Monday, June 10, 2013


Since 1912's The Werewolf, werewolves have had an extremely strong presence on the silver screen.  Which is strange considering their aversion to silver...

Not a lot of werewolf movies get made but, as compared to vampire flicks or slashers, whose prolific presence wears me the fuck out, sometimes, most of them are pretty good, even considering that the makeup is normally cheesy as fuck.  Even so, though, it seems that the special effects budget in werewolf movies generally guarantees a better quality film.  It's almost like the directors go, "Hmmm.  I have a metric shit ton of money that I have to spend on making a dude turn into an anthropomorphic wolf.  I had better make this shit look good or I will never have this kind of budget again."

That being said, I'm declaring this Werewolf Week.  Because I said so and you will sit down and ENJOY it, Missy.

Anyhoo.  First up?  One of my FAVORITES.  In fact, my second favorite after An American Werewolf in London.

The Howling.

Based (extremely loosely) on the 1977 novel by Gary Brandner, Joe Dante, in one of his better turns as a director, brings us a tale of feminist media gone horribly wrong.

Karen White (Dee Wallace) is an LA news achor who's being stalked by Eddie Quist (Robert Picardo), a local serial killer.  Because she's kind of dumb, even for 1980's standards, she agrees to be bait for Quist in an extra-sleazy adult bookstore.  Quist forces her to watch a video of a rape and when she turns around to look at him she screams, he gets shot and gets away and she gets a handy case of amnesia.

OMG!  Creeper's touchin' me!!

As part of her therapy, Karen gets sent to The Colony, a retreat that her therapist, George (Patrick MacNee) owns, for some west and wewaxation at wast.  There, she meets such interesting characters as the nymphomaniac, Marsha Quist (Elizabeth Brooks), which should tell you something and who immediately tries to seduce Karen's husband Bill (Christopher Stone, Wallace's real-life husband until his death in 1995).  He resists, of course, and gets bitten by a wolf for his trouble.  Payback's a bitch, I guess.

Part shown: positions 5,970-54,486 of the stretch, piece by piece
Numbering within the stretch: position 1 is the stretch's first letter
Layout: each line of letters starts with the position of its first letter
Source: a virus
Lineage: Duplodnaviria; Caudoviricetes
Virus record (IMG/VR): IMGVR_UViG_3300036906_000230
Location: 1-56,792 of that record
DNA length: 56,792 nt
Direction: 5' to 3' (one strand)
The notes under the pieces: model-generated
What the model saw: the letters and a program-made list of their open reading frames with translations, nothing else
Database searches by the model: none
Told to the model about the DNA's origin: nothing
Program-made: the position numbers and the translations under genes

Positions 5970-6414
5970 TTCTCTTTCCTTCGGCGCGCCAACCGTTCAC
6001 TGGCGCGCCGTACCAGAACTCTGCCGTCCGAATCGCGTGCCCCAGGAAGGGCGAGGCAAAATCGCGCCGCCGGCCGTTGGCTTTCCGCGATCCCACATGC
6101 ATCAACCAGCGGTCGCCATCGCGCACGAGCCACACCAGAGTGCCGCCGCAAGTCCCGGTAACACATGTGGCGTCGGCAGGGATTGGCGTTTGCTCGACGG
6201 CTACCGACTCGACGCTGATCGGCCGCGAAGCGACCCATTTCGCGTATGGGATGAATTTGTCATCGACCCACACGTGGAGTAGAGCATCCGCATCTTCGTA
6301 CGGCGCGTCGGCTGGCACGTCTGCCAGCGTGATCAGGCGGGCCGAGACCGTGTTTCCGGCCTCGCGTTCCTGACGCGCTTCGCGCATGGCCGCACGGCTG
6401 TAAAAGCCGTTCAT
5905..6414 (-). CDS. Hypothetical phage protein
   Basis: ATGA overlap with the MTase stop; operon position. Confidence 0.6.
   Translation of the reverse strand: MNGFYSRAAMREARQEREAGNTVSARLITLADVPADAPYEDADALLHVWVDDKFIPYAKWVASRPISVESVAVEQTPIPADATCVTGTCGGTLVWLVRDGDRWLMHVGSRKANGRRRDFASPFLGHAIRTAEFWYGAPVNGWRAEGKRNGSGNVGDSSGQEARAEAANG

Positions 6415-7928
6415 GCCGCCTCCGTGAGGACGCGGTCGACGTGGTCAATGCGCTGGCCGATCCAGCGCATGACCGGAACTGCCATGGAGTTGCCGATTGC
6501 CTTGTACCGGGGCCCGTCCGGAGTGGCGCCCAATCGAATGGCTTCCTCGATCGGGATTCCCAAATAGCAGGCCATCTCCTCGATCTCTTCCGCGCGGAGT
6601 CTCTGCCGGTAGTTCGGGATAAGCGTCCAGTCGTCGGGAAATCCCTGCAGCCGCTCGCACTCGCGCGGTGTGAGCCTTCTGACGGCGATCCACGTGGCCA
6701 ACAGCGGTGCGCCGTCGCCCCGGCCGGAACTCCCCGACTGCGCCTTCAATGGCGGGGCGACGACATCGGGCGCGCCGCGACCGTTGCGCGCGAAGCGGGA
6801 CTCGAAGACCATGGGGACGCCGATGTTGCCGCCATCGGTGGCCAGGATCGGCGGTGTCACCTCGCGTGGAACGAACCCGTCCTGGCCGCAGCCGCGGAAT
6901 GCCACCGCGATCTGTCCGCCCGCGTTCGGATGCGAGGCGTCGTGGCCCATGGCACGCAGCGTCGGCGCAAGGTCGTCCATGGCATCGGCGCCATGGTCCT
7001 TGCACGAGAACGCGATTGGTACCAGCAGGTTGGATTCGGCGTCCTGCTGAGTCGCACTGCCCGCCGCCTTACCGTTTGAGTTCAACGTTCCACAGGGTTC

HA!  Bitch.  I slay me.
So, then he goes back and bones (I did it again) Marsha as they transform into werewolves in the corniest  animated sex scene, EVER.

So, yeah, because of Bill's bite, Karen gets her friend Terri to come to The Colony for some moral support.  Terri manages to connect The Colony to Eddie Quist via a sketch he made and left there.  Because best friends are ALWAYS forensic scientists.  Karen also turns on her wifely ESP and begins to suspect that not only is Bill cheating on her but there's a bigger secret in play, here.  

And then, Terri gets attacked by Quist.  Terri manages to cut the monster's arm off and get to the main office where she places a call to her boyfriend, Chris, and tells him what's going on but gets munched on by Quist while she's on the phone.  Chris sets off for The Colony with a buttload of silver bullets.

Karen gets accosted by Quist again who transforms in front of her, which is AWESOME!!  No, seriously, this is on par with American Werewolf in London (which Rik Baker left this project to work on).

Check the manicure, bitch.

Chris manages to shoot Quist but, DUNDundunnnnnnnn, EVERYBODY in The Colony is a werewolf.  They don't need none of that "full moon" shit, neither.  They can change at will.  Karen and Chris survive and burn the camp to the ground.  I do not know if they sowed salt on the ashes.  

Karen then decides to expose the truth about werewolves, because who believes that shit?  It starts like this:


And ends like this:

Great.  I'm a fucking teddy bear.

Chris shoots her, the public questions whether or not the live transformation is special effects and Marsha is revealed to have survived and a slew of truly awful sequels are born.

As I've said before, Joe Dante is almost a master of combining comedy and horror and while this is one of his darker pieces, there's a WHOLE lot of self-referential humor in The Howling by way of background characters and character names. If you look closely, you can find the mummified grandmother from The Texas Chainsaw Massacre.

If only the rest of Dante's work was this good.  Dante just isn't consistent and that's why I have a problem with him.  He's directed some of my favorites but he's also directed some real barkers (snrk).

Anyway, this movie is one of my favorites for a reason.  It's slick and funny and it kind of embraces its silliness.  Dee Wallace isn't quite at the top of her game, here (the top being her performance in Cujo which, seriously, should have at LEAST gotten her an Oscar™ nod), but she's still pretty damn good.  The state-of-the-art werewolf transformation is delightfully gory and a whole lot of fun to watch.  Plus, that whole idea of "psychiatric retreat as werewolf pack" just tickles me pink.

If you've never seen this, SHAME ON YOU!!

It's a classic.




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